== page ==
- The Washington Times - Sunday, July 26, 2009

By Fred Vargas
Penguin $14, 256 pages

By Jacqueline Winspear
Henry Holt, $23, 320 pages

By Barbara Vine
Shaye Ayerheart, $25, 336 pages

Blue chalk circles are appearing overnight in the streets of Paris and the only person who is worried about them is police Commissaire Jean Baptiste Adamsberg. Most people dismiss the chalk circles as eccentric and amusing. They contain such bizarre items as empty beer cans, trombones, a doll’s head and a pigeon’s foot. Then comes the day when one of the circles contains a corpse and Adamsberg is proved right in his premonition that the chalk man is a vicious killer.

Fred Vargas is a historian and archaeologist by profession who appears to write mysteries with her tongue firmly lodged in her cheek. Her mysteries are different and delightful because their wry dark humor works, and it is understandable that they are already best-sellers in France.

In The Chalk Circle Man (Penguin, $14, 256 pages), her quirky detective Adamsberg is not only unusual but irresistible as a character. Moreover, the author surrounds Adamsberg with others who are as peculiar as he is. His colleague, Inspector Danglard, survives in his job despite a difficult personal life and his own acknowledgment of his habit of starting to drink wine at noon. There is the flickering presence of the mysterious Mathilde, who has spent most of her life studying fish at the bottom of the sea.

And there is Clemence Valmont, a 70-year-old woman who spends her days scanning the classified ads and sending out hundreds of responses to potential mates, none of them successful. There is also Camille, Adamsberg’s “petite cherie” who has been missing for years, although her absence has not impeded his amorous activities.

Basting her plot with irony, Ms. Vargas‘ cast takes on its own life as they move toward a clever and unexpected denouement. Yet the reader’s interest remains focused on Adamsberg, that bundle of eccentricity within which exists a well-honed investigative mind and almost flawless intuition.

Known as “the wild child” in his youth, Adamsberg has established his reputation as a detective by solving four murders “in a way his colleagues had found uncanny.” They complain that he sits around daydreaming, staring at the wall or doodling on a bit of paper, “and then one day he swans in, cool as cucumber and says ‘Arrest the priest. He strangled the child to stop him talking.’” According to Adamsberg, it isn’t so much that he does as he pleases more than that he is “unable to force himself to do something if he was in a contrary mood.” Ms. Vargas‘ approach to the macabre is formidably funny.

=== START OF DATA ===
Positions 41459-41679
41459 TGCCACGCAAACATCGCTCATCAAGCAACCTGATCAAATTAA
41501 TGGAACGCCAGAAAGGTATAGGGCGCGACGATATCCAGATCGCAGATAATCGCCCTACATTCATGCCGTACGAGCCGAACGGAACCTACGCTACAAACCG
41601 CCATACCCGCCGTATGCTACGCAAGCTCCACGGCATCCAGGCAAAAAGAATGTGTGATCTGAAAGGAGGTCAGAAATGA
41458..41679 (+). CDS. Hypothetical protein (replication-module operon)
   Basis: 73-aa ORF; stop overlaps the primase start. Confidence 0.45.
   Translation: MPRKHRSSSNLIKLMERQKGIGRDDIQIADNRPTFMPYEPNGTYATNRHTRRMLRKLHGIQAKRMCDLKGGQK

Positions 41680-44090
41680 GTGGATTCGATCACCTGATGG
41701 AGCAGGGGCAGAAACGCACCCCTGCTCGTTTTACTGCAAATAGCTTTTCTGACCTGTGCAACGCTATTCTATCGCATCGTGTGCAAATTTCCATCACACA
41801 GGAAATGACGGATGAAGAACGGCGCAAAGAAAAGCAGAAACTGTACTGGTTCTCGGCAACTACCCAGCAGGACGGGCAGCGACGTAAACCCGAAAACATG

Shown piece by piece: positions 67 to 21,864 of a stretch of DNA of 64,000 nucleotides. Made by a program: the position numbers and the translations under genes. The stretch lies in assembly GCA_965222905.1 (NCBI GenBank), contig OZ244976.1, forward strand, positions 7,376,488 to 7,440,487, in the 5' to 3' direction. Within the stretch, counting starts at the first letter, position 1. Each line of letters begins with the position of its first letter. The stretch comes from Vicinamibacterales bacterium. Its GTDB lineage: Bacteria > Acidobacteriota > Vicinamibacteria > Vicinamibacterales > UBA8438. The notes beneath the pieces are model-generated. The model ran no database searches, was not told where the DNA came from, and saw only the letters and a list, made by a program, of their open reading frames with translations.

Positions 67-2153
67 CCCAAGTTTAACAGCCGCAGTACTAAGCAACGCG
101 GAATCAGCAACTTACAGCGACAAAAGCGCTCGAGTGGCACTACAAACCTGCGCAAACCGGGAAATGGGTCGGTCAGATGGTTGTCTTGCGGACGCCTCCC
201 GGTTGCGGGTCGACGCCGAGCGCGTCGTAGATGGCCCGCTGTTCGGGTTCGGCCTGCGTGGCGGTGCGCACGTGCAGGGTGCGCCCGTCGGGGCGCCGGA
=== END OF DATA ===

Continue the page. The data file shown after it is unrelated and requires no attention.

Terrorism in London in the wake of World War I is the grim scenario of Jacqueline Winspear’s latest novel, Among the Mad (Henry Holt, $25, 320 pages), reflecting her capacity to remind readers of the parallels in the periods that lay between major conflicts.

Maisie Dobbs, the author’s investigator and psychologist, again demonstrates the toughness it takes to apply her talents to solving a crisis in a world where the men who hold the power have to be persuaded that competence and skill are not impeded by gender. With a plot set in the early 1930s in London, Ms. Dobbs has her work cut out for her. She is called in to assist a high-level intelligence team from Scotland Yard with the threat posed by a mentally disturbed war veteran warning that he will wield the terrible weapon of germ warfare against the city unless it meets his demands.

Ms. Dobbs’ experience as a nurse working in wards with shell-shocked victims still suffering from the harrowing years of World War I gives her insight into who the terrorist may be and the reasons for his lethal obsession. The book also takes the reader into the grim world of the mentally ill in that era, with a bleak vignette of a young woman who cannot cope with the death of her daughter and whose depression is treated with more brutality than compassion.

There isn’t much laughter in the life of Ms. Dobbs, who has also suffered a severe personal loss in the war. Yet she would be a more intriguing character if she were a little less uncompromising, and her affection for a friend ostensibly dedicated to frivolity may signal that she may find a flicker of fun in her work in future books.


It is no secret that veteran mystery writer Ruth Rendell also writes as Barbara Vine. The trouble is that a reader may keep looking for Ms. Rendell’s irresistible Inspector Wexford in Vine novels that are almost invariably full of psychologically warped people.

In the case of The Birthday Present (Shaye Ayreheart, $25, 336 pages), the story of a rascally Member of Parliament called Ivor Tesham and his unscrupulous affair with Hebe Furnal, a colleague’s wife, is predictable almost from beginning to end. Tesham’s ridiculous plot to use a mock kidnapping to titillate his lover on her birthday predictably goes awry, leading to death, disaster and a gruesome punishment for the self-obsessed Tesham. There is little mystery, just infinite gloom, and some readers might wish that Ms. Rendell would concentrate on doing what she does best and consign Ms. Vine to a suitably dark corner of her mind.

Muriel Dobbin is a former White House and national political reporter for McClatchy newspapers and the Baltimore Sun.

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